Recently I came across a free, mom-to-mom support organization: the Postpartum Society of Florida. Their small core of about 10 active volunteers “engages in more than 1,200 personal contacts with Florida mothers and babies, as well as between 100-200 guidance and training contacts with perinatal providers and social support volunteers.”
It seemed a bit odd to me at first. We don’t want strangers to offer unsolicited advice, but we do want strangers we can establish relationship with and who may, at times, advise us as we seek it out. I took a moment, set my judgement on the table beside me, and considered the idea for a moment.
The need for mommy mentors, I think, is inherently connected to our need for a village--a village we struggle to find around us in our self-reliant culture that often gives parents judgment rather than help. Here, mothers, who often may not have the resources of supportive family and friends, may find the life-sustaining support and resources they need through vetted peer support volunteers.
It’s not only Postpartum Society of Florida that realizes this deeper need for connection. Postpartum Support International, and even groups like Mothers of Preschoolers (MOPS) hit on the intentional nature of creating support and community around new moms (and, sometimes, their families). Many of us know the regular experience of sitting in the quiet after the kids go to bed for the night (or for the hour) as we venture onto social media via mommy/parent-specific Facebook groups. Many friendships are born at 2 AM from one mother on the east coast to a mother rocking baby to sleep in the mountain time zone.
These groups speak to our need for safe places of non-judgment where we can air our souls out in the light without the additional implications and effort when we try and bare our souls to our partners, parents, or other daily relationships. There is something about speaking from one mother to another that is freeing, knowing, even sacred. We know deep truths about life in ways that many don’t or may never.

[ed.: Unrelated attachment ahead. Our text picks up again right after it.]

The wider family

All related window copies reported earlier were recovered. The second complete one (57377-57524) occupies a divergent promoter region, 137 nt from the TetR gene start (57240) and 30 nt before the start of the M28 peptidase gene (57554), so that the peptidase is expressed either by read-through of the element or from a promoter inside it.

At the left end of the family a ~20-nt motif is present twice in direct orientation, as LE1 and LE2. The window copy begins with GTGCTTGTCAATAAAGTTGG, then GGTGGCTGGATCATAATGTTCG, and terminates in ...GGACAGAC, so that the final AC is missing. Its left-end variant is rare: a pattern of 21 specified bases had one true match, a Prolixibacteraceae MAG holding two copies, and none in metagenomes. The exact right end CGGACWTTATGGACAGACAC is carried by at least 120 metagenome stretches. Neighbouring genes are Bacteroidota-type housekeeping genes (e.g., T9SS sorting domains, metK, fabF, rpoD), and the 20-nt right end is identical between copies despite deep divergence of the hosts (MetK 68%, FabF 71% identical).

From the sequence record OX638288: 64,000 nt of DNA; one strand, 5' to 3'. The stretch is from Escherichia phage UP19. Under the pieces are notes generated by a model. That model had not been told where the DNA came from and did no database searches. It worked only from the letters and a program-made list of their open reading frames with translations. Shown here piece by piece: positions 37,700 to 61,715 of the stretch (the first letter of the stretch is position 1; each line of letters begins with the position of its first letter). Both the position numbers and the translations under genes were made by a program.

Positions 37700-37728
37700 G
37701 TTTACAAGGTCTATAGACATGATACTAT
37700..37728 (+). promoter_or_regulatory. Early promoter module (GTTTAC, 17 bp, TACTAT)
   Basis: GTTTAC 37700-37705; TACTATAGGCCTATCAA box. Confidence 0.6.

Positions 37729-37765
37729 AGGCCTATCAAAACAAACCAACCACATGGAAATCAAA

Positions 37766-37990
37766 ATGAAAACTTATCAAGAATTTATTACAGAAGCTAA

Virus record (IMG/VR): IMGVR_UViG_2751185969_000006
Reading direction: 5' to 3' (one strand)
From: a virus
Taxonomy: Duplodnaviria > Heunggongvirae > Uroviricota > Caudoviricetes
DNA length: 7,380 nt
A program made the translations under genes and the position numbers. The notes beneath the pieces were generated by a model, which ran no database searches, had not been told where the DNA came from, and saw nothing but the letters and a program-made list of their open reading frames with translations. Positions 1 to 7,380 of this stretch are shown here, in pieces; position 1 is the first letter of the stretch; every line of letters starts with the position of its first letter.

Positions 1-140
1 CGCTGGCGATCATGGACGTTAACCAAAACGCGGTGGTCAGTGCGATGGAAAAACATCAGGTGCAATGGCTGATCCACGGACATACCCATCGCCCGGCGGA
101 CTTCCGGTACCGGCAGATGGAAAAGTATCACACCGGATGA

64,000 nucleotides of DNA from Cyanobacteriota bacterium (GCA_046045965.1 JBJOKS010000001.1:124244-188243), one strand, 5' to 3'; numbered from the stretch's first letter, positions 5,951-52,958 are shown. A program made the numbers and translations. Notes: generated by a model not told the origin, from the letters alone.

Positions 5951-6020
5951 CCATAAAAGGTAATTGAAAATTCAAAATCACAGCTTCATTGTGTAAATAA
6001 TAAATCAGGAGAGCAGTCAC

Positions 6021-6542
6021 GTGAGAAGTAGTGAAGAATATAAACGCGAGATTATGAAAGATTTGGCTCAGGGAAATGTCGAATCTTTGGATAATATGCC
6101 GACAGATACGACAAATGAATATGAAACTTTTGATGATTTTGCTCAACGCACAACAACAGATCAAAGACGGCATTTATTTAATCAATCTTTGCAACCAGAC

Mommy mentors exist in this strange land where we have both the problems of society that leave mothers stranded and the loving hearts in society, passionate enough about connection that they invest their days to help other mamas out. These groups are the silver lining to the challenging realities of being mommy these days. The good news is we need not volunteer for a 501(c)(3) to build this community up. Perhaps these groups can be our inspiration--to both seek out and provide the village. In this age of #metoo, we can take initiative to stand together and create the culture we want so our daughters won’t struggle how we do now.
Lynette is a mom of three children from 20 months to age five. She has cloth diapered all three since birth and enjoys all things eco-friendly and mindful living.